In the U.K., government debt is expected to increase by 10%-30% of GDP to roughly 100% GDP [3] over the next 12-18 months.  Miles and Scott note that because this remains starkly lower than debt incurred during WWI and WWII (137% and 259% of GDP, respectively), its effect should be more muted.

When reviewing the U.S.’s historical ratios, the same comparison is more troubling, as the U.S. debt to GDP ratio will soon be reaching post-WWII levels.  The $2.7 trillion CARES Act will add roughly 14% to the U.S. debt to GDP ratio, which stood at approximately 107% in 2019.  The resulting 120% is still high by historical standards, equivalent to the ratio at the end of WWII.

CPI vs. Debt to GDP Ratio:  1930-Today

Debt Ratio and CPI for US - Admiral

Data Sources: Federal Reserve Bank of Minneapolis (CPI), Federal Reserve Bank of St. Louis (GDP)
& TreasuryDirect (Government Debt).  Graphics by Admiral Real Estate.


That being said, over the last 50 years, U.S. CPI has not shown a positive correlation with debt, which supports Miles’ and Scotts’ argument that inflation is not inevitable during periods of high government debt.   For instance, the American Recovery and Reinvestment Act of 2009 of just under $1 trillion did not result in inflation.  Although the $2.7 trillion CARES Act is indeed higher, and tax revenue is falling, the authors contend that debt can be paid off over a long term, and that reductions in value of private assets will also restrain inflation by limiting spending and demand.

“As yet unknown events or…policy mistakes, revealed ex post, may trigger a wave of future inflation. But they may equally trigger even greater problems of low inflation. A higher inflation future is far from inevitable.”


SHILLING:  Slow Growth Will Trigger Deflation 

Gary Shilling, president of A. Gary Shilling & Co., a New Jersey consultancy, argues in Bloomberg Opinion [4] that it isn’t debt that will dictate whether we will see inflation. Rather, the next decade will define a new normal, where it is slow growth, rather than high debt, that has a greater effect.  According to Shilling, slow growth will significantly increase the risk of deflation. Reasons include:

  • De-globalization’s trade barriers will spur self-sufficiency, but not domestic job growth.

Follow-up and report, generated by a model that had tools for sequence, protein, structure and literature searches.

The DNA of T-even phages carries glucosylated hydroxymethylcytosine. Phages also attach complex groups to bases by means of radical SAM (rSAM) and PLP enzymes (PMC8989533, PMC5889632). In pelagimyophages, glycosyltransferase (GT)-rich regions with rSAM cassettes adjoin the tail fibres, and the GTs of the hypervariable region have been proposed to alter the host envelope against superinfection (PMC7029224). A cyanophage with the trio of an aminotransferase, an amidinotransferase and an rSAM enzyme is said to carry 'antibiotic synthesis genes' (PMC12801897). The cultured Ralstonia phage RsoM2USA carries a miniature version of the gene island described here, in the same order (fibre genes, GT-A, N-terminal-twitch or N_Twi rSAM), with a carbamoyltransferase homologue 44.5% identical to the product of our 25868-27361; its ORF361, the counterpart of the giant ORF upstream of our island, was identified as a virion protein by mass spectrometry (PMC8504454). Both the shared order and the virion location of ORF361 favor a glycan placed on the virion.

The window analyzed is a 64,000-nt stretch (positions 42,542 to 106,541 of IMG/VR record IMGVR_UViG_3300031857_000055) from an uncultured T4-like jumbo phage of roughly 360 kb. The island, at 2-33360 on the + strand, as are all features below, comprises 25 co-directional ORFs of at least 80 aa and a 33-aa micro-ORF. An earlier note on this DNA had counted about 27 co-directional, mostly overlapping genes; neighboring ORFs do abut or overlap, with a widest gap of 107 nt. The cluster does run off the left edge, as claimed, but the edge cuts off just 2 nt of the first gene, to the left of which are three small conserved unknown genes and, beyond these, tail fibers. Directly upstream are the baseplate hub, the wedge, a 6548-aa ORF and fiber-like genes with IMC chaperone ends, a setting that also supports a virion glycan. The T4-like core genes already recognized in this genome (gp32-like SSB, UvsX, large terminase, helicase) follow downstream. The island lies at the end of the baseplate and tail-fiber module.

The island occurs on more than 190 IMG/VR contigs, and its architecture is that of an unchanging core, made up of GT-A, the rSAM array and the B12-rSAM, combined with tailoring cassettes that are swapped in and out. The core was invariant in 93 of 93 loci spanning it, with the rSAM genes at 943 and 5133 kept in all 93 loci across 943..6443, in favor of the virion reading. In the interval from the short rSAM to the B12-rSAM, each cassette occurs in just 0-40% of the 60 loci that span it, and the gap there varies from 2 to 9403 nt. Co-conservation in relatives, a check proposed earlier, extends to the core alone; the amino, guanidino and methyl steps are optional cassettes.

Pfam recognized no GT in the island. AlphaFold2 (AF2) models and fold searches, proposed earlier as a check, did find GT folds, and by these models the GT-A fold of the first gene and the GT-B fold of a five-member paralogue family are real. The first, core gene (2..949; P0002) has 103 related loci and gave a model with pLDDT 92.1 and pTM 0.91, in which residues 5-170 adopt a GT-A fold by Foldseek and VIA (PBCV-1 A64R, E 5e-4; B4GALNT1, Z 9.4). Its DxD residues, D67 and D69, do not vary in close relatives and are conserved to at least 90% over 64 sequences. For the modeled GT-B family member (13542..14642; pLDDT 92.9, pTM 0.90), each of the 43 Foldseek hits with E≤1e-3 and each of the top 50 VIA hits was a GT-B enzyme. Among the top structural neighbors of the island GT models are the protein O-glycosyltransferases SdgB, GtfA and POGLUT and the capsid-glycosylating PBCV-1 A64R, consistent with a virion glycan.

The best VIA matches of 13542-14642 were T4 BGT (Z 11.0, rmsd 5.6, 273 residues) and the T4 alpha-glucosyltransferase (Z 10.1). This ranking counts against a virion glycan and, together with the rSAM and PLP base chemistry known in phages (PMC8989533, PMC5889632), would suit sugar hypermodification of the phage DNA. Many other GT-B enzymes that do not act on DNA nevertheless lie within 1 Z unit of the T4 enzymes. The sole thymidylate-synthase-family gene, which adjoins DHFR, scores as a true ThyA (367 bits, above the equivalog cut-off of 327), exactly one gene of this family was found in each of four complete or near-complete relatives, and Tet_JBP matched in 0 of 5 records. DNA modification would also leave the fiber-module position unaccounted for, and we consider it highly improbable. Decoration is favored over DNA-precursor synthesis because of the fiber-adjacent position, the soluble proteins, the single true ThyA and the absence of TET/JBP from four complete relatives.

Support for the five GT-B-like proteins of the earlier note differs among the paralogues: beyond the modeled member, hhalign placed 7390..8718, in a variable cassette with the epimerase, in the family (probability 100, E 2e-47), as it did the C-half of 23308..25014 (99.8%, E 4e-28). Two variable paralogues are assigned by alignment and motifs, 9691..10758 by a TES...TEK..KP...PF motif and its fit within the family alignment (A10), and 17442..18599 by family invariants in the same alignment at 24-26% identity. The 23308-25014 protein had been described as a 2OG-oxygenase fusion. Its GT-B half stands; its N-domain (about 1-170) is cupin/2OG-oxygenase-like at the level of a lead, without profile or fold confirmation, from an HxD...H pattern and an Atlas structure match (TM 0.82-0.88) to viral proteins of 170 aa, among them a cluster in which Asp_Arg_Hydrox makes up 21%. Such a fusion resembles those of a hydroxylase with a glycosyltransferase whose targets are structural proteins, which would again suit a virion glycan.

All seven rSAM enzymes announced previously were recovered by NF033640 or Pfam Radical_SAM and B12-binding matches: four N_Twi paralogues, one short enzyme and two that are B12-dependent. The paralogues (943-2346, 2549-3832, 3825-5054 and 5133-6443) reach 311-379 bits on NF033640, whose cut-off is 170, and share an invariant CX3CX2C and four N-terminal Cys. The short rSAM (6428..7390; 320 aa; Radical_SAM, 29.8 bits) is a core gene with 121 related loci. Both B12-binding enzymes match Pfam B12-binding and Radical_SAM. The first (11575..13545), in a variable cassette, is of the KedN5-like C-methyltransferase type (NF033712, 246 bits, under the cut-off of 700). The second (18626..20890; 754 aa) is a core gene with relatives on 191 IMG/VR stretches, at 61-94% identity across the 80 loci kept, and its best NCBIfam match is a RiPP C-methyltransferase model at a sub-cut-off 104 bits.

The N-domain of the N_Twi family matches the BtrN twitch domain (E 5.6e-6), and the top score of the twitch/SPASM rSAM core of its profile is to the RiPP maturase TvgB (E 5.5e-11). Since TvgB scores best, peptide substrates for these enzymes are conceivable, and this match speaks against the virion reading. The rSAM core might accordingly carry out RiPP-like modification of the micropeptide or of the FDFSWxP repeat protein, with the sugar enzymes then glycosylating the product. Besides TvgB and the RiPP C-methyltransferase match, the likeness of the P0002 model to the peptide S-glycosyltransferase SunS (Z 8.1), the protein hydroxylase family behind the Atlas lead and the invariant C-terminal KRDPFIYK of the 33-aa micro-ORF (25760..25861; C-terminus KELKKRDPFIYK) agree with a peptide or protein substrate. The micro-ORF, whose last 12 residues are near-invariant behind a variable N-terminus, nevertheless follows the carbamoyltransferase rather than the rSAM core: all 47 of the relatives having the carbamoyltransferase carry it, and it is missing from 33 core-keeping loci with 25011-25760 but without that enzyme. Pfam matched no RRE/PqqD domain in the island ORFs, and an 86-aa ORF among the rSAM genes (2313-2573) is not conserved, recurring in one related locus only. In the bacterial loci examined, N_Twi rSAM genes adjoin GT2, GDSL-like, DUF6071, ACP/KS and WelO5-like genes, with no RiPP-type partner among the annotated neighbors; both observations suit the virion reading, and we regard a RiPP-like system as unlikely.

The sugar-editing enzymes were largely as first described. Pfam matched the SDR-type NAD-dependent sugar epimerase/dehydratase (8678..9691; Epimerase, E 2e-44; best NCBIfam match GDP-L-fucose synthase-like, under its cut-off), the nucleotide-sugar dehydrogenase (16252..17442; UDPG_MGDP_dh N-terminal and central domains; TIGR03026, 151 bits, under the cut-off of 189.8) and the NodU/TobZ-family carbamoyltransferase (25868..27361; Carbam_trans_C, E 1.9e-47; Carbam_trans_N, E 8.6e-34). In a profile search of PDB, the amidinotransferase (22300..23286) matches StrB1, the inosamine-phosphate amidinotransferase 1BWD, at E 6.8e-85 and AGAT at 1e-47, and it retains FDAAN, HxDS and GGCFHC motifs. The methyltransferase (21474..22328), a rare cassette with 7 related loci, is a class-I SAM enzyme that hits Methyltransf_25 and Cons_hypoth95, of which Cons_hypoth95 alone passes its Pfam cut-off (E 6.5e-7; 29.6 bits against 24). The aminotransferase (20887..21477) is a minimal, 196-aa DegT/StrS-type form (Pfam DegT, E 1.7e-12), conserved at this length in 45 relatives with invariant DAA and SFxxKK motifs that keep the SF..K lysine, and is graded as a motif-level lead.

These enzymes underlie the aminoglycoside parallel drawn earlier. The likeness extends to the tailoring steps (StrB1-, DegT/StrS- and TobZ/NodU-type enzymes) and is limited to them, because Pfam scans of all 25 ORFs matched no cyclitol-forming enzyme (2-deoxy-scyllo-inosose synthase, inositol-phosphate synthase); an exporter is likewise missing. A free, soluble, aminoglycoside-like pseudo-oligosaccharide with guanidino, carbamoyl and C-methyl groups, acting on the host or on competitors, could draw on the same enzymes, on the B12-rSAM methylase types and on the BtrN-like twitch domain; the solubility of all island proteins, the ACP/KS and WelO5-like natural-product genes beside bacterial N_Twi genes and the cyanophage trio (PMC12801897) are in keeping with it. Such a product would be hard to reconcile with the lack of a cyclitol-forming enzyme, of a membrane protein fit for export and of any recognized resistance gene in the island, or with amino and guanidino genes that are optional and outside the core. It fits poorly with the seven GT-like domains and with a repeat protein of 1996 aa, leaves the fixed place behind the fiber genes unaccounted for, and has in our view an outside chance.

• Face-to-face interactions will decline as a result of our experiences with Covid. There will be more working from home, and significantly less business and personal travel.  Although this will help communications and technology companies, it will harm the airline and travel industries.
  • Consumers, the primary drivers of the U.S. economy, will hold back on purchases.
  • Additional fiscal stimulus will be needed.
  • Despite reduced production, global supply will continue to outpace global demand.
  • In the next several years, higher government spending, particularly for health care, is likely. Any tax rate increases will further dampen consumer spending.
  • Recession-related bond and debt defaults will result in a tightening of lending standards.
  • Stock market declines will keep jittery investors out of the stock market. Stocks may rebound more slowly than the economy, as price to earnings ratios rebalance to lower historical norms.

“Once the coronavirus is defeated, the new normal will be marked by much slower growth, the risk of deflation and a distrust of equities.”


KLIESEN:  Data Signals About Deflation Are Mixed

From the Research Division of the Federal Reserve Bank of St. Louis, Business Economist and Research Officer Kevin Kliesen reviews Federal Reserve Economic Data (“FRED”) to assess the likelihood of deflation [5].

On a monthly basis, FRED generates what the St. Louis Fed dubs a “Deflation Probability Measure”, or DPM, which is meant to predict the likelihood of deflation over the ensuing year:

FRED - Deflation Probability MeasureSource:  Federal Reserve Bank of St. Louis, Deflation Probability [STLPPMDEF], retrieved from FRED, Federal Reserve Bank of St. Louis;, April 23, 2020.


The DPM measure showed an increase in risk of deflation between March and April, albeit at still low figures which indicate limited risk of deflation over the next 12 months.  However, Kliesen notes that during the last four recessions, there was an average decline in CPI of -3.2%.  If one were to apply that average -3.2% change in CPI to March 2020’s already low CPI (2.3% in the year to February 2020), CPI would drop into negative numbers.  How damaging such a deflationary period could be depends in large part on its duration.